eMERGE Study results

A recent report from eMERGE focuses on 10 conditions: asthma, atrial fibrillation, breast cancer; chronic kidney disease; coronary heart disease; hypercholesterolemia; obesity, prostate cancer; type 1 and type 2 diabetes.

Polygenic score results for persons of African or African-American ancestry along with those of European, Asian and Hispanic/Latino origin are compared in the figure below:

  • Scores from all population groups are predictive; differences are not large except in a few instances (e.g., Type 2 diabetes).
  • Between 2% (e.g., Type 2 diabetes, chronic kidney disease) and 10% (e.g., prostate cancer) of the population are categorized as high risk. ‘High-PRS threshold’ is the percentile cutoff for a specific condition above which a high-risk result is reported for a condition, based on statistically significant differences between ‘high-risk’ and ‘not high-risk’ groups.
  • Odds ratios (square dots) range mostly between 2 and 4, representing the higher numerical likelihood that an individual will have the condition, compared to those with a score below the specified threshold. 95% confidence intervals (CIs) are shown in the whiskers.
  • The ‘Number of SNPs’ is the number of genetic variants included in each score.
  • ‘Age ranges for return’ indicate the participant ages at which a PRS is calculated for a given condition.

Figure 1. Results from the eMERGE study “Selection, optimization and validation of ten chronic disease polygenic risk scores for clinical implementation in diverse US populations”.  Source:

Key: AFIB, atrial fibrillation; BC, breast cancer; CKD, chronic kidney disease; CHD, coronary heart disease; HC, hypercholesterolemia; PC, prostate cancer; T1D, type 1 diabetes; T2D, type 2 diabetes

The eMERGE Study report

How can polygenic risk scores be communicated? The eMERGE PRS report adopts a simple approach (Figure 2) which is compared to an example from a commercial lab, Allelica (Figure. 3) below. The report states only that the PRS score (for asthma) is “high”. This implies, on average, a two to three-fold increase in genetic risk. The Allelica report in contrast offers a more detailed graphic showing where an individual lies on the distribution for polygenic risk.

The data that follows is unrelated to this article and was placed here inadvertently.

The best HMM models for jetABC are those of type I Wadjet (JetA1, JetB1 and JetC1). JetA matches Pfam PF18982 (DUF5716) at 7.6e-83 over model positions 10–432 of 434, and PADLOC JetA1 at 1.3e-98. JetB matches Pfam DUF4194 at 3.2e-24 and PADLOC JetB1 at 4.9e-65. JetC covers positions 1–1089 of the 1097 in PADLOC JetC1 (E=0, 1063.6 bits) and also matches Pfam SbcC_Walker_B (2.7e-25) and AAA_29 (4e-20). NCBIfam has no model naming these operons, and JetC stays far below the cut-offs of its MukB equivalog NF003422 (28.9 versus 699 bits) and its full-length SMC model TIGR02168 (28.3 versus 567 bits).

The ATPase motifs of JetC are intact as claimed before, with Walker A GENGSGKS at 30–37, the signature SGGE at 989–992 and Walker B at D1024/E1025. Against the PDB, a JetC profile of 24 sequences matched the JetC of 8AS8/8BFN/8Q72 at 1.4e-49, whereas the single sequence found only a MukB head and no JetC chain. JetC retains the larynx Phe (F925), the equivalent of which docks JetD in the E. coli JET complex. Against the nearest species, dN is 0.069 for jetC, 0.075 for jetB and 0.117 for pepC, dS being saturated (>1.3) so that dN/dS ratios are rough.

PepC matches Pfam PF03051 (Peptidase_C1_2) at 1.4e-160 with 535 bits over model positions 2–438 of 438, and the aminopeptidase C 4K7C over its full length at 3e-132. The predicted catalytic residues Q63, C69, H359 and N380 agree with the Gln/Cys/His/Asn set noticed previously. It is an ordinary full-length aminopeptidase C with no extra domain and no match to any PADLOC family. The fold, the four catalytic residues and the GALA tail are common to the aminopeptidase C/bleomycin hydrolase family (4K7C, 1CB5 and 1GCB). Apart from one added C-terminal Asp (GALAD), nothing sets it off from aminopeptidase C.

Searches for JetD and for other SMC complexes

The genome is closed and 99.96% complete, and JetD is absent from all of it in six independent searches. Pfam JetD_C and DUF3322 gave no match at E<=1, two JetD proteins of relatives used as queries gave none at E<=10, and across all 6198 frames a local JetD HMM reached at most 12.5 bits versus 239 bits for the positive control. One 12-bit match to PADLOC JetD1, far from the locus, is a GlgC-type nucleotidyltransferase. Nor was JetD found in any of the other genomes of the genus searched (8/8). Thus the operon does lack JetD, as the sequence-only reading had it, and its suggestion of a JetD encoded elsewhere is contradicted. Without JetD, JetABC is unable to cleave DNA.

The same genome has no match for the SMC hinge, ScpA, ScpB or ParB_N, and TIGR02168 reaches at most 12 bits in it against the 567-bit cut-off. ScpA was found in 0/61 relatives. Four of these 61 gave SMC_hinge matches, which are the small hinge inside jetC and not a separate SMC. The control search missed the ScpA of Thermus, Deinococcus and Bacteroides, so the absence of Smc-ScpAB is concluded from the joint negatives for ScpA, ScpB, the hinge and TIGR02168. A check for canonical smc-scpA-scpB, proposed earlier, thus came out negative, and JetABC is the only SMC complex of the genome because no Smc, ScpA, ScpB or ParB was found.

Figure 2. eMERGE study PRS report. Source:

Figure 3. PRS for breast cancer risk as reported by the company Allelica (

Overall risk, absolute risk, relative risk are key issues

The eMERGE study has a welcome focus on accuracy across diverse populations. However, accurately reporting relative genetic risk is of limited clinical value unless genetic risk is combined with a measure of absolute lifetime risk. Why? A twofold difference in risk for a rare condition (say 1 in 10,000) has a very different impact on clinical decision making than the same increase in lifetime risk for a common condition, such as breast cancer, which about 1 in 9. To be useful in practice, a PRS must be combined with a clinical risk of disease prevalence in the population.

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The typical separation between control and PRS-based at risk populations is not huge but still significant. For example, reclassification of about 9-10% of intermediate clinical risk to a higher level of risk can occur. Individuals at the bottom 10% of risk do not show enough predicted risk reduction to be actionable for example to recommend a reduction of preventive screening; even PRS advocates have been cautious to suggest such a move.

This study (Figure 4) suggests that genetic risk of cardiovascular disease rises in a linear fashion as clinical risk rises, and that combined risk could be estimated by simple multiplication of clinical with genetic risk. This would be very convenient if true across a range of different clinical conditions.

Figure 4. A cardiovascular risk score (SCORE2) is multiplied by relative genetic risk from a PRS score to refine the absolute risk of cardiovascular disease. About 10% of individuals are reclassified from intermediate to high risk, with a two-fold higher predicted incidence of disease.

Image source:

Genetic testing in SA

In SA, the genetic testing environment was dominated until recently by the US company Invitae which offered much lower prices for a range of genetic tests along with high reported levels of support and quality. Local laboratories, including commercial labs and NHLS, found it difficult to compete.

The Invitae story came to a head last year, with the company declaring bankruptcy, and knowing glances from SA laboratories who believed the company’s dominance of the local market was economically unsustainable at the prices charged. The possibility that testing was being run as a loss leader to gain access to African genomes was rumoured.

Discovery Health’s population genetics project, announced 8 years ago, but never launched could have made a major contribution to genetics research and clinical application in the local context. That’s an interesting story for another day.


PRS is coming nearer.

Research from All of Us and the eMERGE Network takes us forward in the implementation of PRS-based risk assessment that will make accurate genetic risk assessment possible globally and in Africa. This must happen in combination with other risk estimates from single gene (“monogenic”) testing, family history, and standard clinical scores.